I recently ran into a dancer for whom I had choreographed solos when she was a teenager. I had followed her successful performing career in New York and Los Angeles, and by anyone’s standards she would be considered a hardworking professional. Now in her mid-30s, she told me she’s ready to shift into the next phase of her career, which is to open a dance school. Her plan of action is to open a studio in a town that doesn’t already have any dance schools. She has saved an impressive chunk of money that will get her new small business off the ground.
For many studio owners, the most hectic day of the year isn’t the day of the recital or the first day of classes—it’s the first day that families can purchase tickets to the end-of-the-year show. Owners arrive at the studio in the morning to find a line of parents wrapped around the building, tapping their feet as they wait to buy their tickets. The entire day is given over to ticket sales, crowd control, and the hope that clients will be satisfied.
Henry Ford once said, “If there is one thing which I would banish from the earth it is fear.”
When I started my competition team 15 years ago, I discovered that it was like starting another business, with huge demands on my time and energy.
As I’m writing this, I’m heading into my fifth week of seminars at the DanceLife Retreat Center. And what I’ve discovered is that not only can dreams come true, but they can exceed our expectations.
COLUMNS Ask Rhee Gold Advice for Dance Teachers 2 Tips for Ballet Teachers by Mignon Furman 2Tips for Hip Hop Teachers by Geo Hubela 2Tips for Modern Teachers by Bill Evans 2 Tips for Tap Teachers by Stacy Eastman A Better You | Fighting Fatigue by Suzanne Martin, PT, DPT . . .
In this age of Facebook, Yelp, and constant communication through texting, tweets, and Internet chats, 73-year-old Cameron School of Dance credits its success to something less tech-y: its close-knit town of Greenfield Park, a suburb of Montreal, Quebec, and loyal reviews from its generations of families.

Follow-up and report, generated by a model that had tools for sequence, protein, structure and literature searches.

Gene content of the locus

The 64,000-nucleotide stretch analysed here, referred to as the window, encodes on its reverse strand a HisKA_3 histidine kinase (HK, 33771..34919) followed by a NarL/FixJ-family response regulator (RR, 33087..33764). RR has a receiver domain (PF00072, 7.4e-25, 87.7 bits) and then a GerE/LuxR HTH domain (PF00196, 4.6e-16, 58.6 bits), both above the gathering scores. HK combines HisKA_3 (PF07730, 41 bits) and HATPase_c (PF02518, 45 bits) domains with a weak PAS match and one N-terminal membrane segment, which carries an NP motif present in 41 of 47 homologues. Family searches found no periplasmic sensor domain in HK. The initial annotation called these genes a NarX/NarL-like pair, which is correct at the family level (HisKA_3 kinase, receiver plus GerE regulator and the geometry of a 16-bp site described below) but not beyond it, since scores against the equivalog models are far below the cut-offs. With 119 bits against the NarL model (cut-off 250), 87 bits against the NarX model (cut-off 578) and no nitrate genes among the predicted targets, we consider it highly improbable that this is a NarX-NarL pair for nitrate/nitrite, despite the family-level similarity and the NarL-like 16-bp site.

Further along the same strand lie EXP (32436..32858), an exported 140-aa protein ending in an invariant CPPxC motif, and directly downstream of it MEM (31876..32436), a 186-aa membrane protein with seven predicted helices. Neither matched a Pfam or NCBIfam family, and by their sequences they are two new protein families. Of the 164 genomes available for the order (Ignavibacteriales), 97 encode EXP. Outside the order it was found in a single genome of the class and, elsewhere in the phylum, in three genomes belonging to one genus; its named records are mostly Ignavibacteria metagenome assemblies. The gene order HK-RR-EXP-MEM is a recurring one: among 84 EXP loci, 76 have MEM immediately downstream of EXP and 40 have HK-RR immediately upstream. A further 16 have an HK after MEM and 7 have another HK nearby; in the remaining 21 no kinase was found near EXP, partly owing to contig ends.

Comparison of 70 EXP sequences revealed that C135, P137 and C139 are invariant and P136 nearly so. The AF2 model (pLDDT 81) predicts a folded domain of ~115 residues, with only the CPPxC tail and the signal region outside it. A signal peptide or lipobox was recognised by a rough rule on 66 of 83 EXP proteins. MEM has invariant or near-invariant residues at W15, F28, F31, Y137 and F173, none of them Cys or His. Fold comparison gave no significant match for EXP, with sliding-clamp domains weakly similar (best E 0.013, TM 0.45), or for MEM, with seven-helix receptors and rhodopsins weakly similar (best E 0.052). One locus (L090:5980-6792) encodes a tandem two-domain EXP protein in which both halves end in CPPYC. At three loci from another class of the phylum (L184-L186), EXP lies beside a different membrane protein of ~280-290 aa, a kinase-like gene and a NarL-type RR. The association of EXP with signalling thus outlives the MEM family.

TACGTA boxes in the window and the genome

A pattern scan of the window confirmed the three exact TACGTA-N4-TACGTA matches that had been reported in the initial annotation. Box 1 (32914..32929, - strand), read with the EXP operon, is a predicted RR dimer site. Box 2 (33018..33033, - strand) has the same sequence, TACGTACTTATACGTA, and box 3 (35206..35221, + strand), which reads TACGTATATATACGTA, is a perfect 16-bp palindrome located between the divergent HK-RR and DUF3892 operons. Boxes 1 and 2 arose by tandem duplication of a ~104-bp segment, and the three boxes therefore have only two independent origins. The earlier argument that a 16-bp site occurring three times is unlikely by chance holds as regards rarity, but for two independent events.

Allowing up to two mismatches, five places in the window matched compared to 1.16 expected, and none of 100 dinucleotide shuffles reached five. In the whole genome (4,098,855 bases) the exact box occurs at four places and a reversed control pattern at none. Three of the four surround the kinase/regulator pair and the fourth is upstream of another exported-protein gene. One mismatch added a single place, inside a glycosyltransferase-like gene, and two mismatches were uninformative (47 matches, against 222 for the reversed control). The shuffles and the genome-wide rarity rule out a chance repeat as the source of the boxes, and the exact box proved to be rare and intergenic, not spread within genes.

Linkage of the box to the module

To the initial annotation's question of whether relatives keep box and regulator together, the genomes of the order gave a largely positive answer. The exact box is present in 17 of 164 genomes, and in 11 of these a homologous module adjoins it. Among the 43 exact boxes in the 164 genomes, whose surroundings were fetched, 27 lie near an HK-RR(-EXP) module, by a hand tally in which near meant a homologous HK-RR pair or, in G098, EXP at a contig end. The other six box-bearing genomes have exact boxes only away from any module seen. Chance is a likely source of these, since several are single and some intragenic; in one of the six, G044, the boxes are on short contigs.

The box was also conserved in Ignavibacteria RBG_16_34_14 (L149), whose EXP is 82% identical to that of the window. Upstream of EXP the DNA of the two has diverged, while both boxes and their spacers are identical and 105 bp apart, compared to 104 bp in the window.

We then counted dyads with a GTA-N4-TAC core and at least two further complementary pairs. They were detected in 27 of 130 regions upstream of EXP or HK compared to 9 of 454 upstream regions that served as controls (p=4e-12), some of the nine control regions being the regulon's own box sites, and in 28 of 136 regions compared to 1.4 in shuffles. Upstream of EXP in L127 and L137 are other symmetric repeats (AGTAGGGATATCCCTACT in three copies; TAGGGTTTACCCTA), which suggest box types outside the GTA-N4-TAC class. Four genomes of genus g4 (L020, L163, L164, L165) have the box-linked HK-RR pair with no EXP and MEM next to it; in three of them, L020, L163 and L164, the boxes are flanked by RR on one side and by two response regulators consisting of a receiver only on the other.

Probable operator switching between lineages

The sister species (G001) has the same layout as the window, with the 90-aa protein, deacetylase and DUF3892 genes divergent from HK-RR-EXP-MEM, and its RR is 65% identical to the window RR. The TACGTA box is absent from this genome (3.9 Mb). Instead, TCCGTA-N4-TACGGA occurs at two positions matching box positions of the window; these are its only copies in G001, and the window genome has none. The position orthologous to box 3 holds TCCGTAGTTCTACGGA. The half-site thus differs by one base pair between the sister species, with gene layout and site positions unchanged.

Margo Dean School of Ballet is a house of tradition. This school in Fort Worth, Texas, instills in its students discipline and serious classical training that remains true to ballet’s ancient form. With Margo Dean at the helm and her son, Webster, as its assistant director, MDSB has been in one family since its inception in 1950.
By Rhee Gold Do you want to become savvy at marketing your school? Welcome to our new department, which will present various marketing concepts and how to implement them. Today’s marketing options are plentiful. Whether your budget is small or large (or nonexistent), you can get the word out about . . .
At dance schools across the United States, the winter holidays offer varied performance opportunities, with Christmas, Chanukah, and winter themes abounding. But for some schools and students, another holiday takes center stage: Kwanzaa, a winter holiday that focuses on African American culture and values.
For many dance studios, summer is a time when families take time off for vacations, trips to the pool, and other summer-only activities. Attendance drops off dramatically—and so does your income.
Like most studio owners, when I first started planning to open a school, it was because I felt passionate about dance and teaching. And because I couldn’t find an opportunity working for someone else that fit just right, I decided to create one for myself.
“Jackson is going to teach a guest class! Isn’t that fantastic?” Dolly practically shouted the words during the post-recital staff meeting.
In this video, Rhee Gold shares his humor and passion for the dance teaching profession. It is an excerpt from his keynote speech at the 2009 DanceLife Teacher Conference in Scottsdale, AZ
As a dance teacher, you feel that you’ve paid your dues—teaching classes day in and day out, coming up with recital and competition routines, and following the protocol of the studio you work for. You’re ready to be your own boss, and you think you understand the business enough to be a successful studio owner. But is it smart or realistic to start a studio from scratch? Or should you consider buying an existing business?